Metzneria paucipunctella - spotted knapweed seed head moth.  Insect, Lepidoptera: Gelechiidae

adult moth
Above: Adult moth.  Below: larvae.  Photos by Bob Richard, USDA-APHIS-PPQ.
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Scientific nameMetzneria paucipunctella
Common Name: knapweed seed head moth (1,2)
Insect, Order, and Family: Insect, Lepidoptera: Gelechiidae  (1,2)

OriginThey originated from Switzerland.  The native distribution was in Europe.  (1)

Type of Agent:  go to link 8.

Life Cycle:
Overwintering state:  Mature larval (1)
Egg stage:  Females lay 60-100 eggs during a three week period.  This starts in June.  The eggs are placed at the bottom of the knapweed flower heads or in the stem right underneath the head.  The eggs tend to be a reddish-brown when they are first laid.  they turn a yellowish color when they mature.  The eggs are an oval shape and they are about 0.75 mm long.  The incubation stage lasts for about 10 days.  (1)
Larval stage: When the larvae first hatch they go into the open flower heads.  The first-instar larvae eat the florets and the second-instar eat the seeds.  The third-instar larvae go into the receptacle.  This reduces the number of  uneaten seeds.  In other words they reduce the amount of seeds that survive.  (2)  Many larvae may be in the same seed head at one time.  However, approximately one larvae will mature.  Larvae normally have a brown head and their body is white in color.  They are wrinkled at their  abdominal segments.  (1)
Pupal stage: Pupation takes place in the seed head during May.
Adult stage: The adults are generally 7 mm long.  They fly only during dusk.  (2)  The adults rest with their wings folded over their back.  Their front wings are gray with black spots and they have dark colored tips.  Adults come out it June.  (1)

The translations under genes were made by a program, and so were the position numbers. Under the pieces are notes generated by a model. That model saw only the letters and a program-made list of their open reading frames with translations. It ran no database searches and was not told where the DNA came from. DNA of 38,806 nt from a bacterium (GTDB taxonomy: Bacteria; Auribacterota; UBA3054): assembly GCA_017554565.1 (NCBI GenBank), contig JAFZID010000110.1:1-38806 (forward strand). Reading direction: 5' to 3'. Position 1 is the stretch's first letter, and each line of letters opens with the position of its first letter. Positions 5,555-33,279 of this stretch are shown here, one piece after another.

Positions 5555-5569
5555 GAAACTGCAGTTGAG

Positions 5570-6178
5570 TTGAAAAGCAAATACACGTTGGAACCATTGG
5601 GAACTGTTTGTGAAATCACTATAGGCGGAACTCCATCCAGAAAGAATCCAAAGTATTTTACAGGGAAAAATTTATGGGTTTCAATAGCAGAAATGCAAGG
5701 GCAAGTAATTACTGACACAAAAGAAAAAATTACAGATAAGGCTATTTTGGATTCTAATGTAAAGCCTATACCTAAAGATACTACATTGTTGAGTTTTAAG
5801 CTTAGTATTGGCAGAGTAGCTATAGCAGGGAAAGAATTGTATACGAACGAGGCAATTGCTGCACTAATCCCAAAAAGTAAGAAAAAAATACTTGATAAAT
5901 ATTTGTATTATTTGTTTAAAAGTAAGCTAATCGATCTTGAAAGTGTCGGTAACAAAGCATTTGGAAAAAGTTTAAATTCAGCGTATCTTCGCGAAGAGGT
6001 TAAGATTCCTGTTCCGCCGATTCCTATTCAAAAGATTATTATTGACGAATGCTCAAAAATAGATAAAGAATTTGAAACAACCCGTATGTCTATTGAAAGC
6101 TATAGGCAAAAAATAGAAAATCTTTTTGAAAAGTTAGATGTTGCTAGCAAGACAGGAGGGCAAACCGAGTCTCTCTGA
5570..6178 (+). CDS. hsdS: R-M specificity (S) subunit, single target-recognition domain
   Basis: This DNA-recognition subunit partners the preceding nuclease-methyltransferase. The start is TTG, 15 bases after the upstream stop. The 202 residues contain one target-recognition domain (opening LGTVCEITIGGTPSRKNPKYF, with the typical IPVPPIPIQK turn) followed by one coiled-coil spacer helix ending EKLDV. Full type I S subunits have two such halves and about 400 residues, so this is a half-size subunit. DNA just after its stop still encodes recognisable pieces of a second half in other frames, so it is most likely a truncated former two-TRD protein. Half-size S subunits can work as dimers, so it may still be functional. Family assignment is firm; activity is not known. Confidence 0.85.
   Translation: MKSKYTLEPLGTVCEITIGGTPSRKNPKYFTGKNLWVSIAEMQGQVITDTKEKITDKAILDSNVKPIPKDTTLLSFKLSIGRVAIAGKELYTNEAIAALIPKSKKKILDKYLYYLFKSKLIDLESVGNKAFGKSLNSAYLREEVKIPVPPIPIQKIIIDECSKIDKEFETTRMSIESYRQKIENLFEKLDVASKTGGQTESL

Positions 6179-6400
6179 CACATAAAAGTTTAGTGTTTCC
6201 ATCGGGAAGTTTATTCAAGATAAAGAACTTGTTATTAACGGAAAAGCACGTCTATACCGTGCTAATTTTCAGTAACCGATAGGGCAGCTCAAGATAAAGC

Destructive Stages:  Larval, seed head feeding.  (1)
Plant species attacked:  Spotted knapweed  (1, 2)  It also attacks diffuse knapweed.  However, it doesn't attack diffuse as often.  (1)
Damage to  Host: The larvae feed on the seeds and they reduce the number of surviving seeds.  They also damage the receptacle when they eat the seeds.  (2)  The older larvae will stick or web the seeds together.  This prevents the seeds from spreading.  (1,2)  The moth will also attack the head.  (1)

Release habitatsThey should be released in places that have a lot of good winter snow cover.  This is  essential to their survival.  (1)

How to collect, transport, and redistribution:
Collection:  The best way to collect Metzneria paucipunctella is to collect the seed heads in early spring from places where you have seen or previously confirmed the pupa and/or larvae.  (2)
Transportation:  They should be transferred in the larval/seed head or pupal stage (inside a cooler with an ice pack is good, you can also store them for a time in a refrigerator).  (1)
Redistribution:   The seed heads should be collected in the early spring.  They should then be taken to the release site.  This should be done before the adults emerge.  You can put the seed heads in the refrigerator if you want to slow down or delay emergence.  (1)

Where to purchase:  You can purchase Metzneria paucipunctella in Idaho, Montana, Oregon, and Washington.  (1)  See:

RemarksMetzneria paucipunctella is good at destroying spotted knapweed seeds.  It will also attack diffuse knapweed.  I feel that if these are released in the right place they should help lower the spotted knapweed population.

1)  Rees, Norman, et. al., Ed., Biological Control of Weeds in the West, Western Society of Weed Science, in Cooperation with USDA ARS, MT Dept. of Ag. and MT State Univ., Color Printers, Bozeman, MT, Feb., 1996.

2)   Stevens  County Noxious Weed Control Board, "Metzneria paucipunctella Knapweed Seed Head Moth."  May 03, 2001 [Online] Available <>.

By: Carmen Uptmor, 02/03.   Updated By: Amy Helling 04/05
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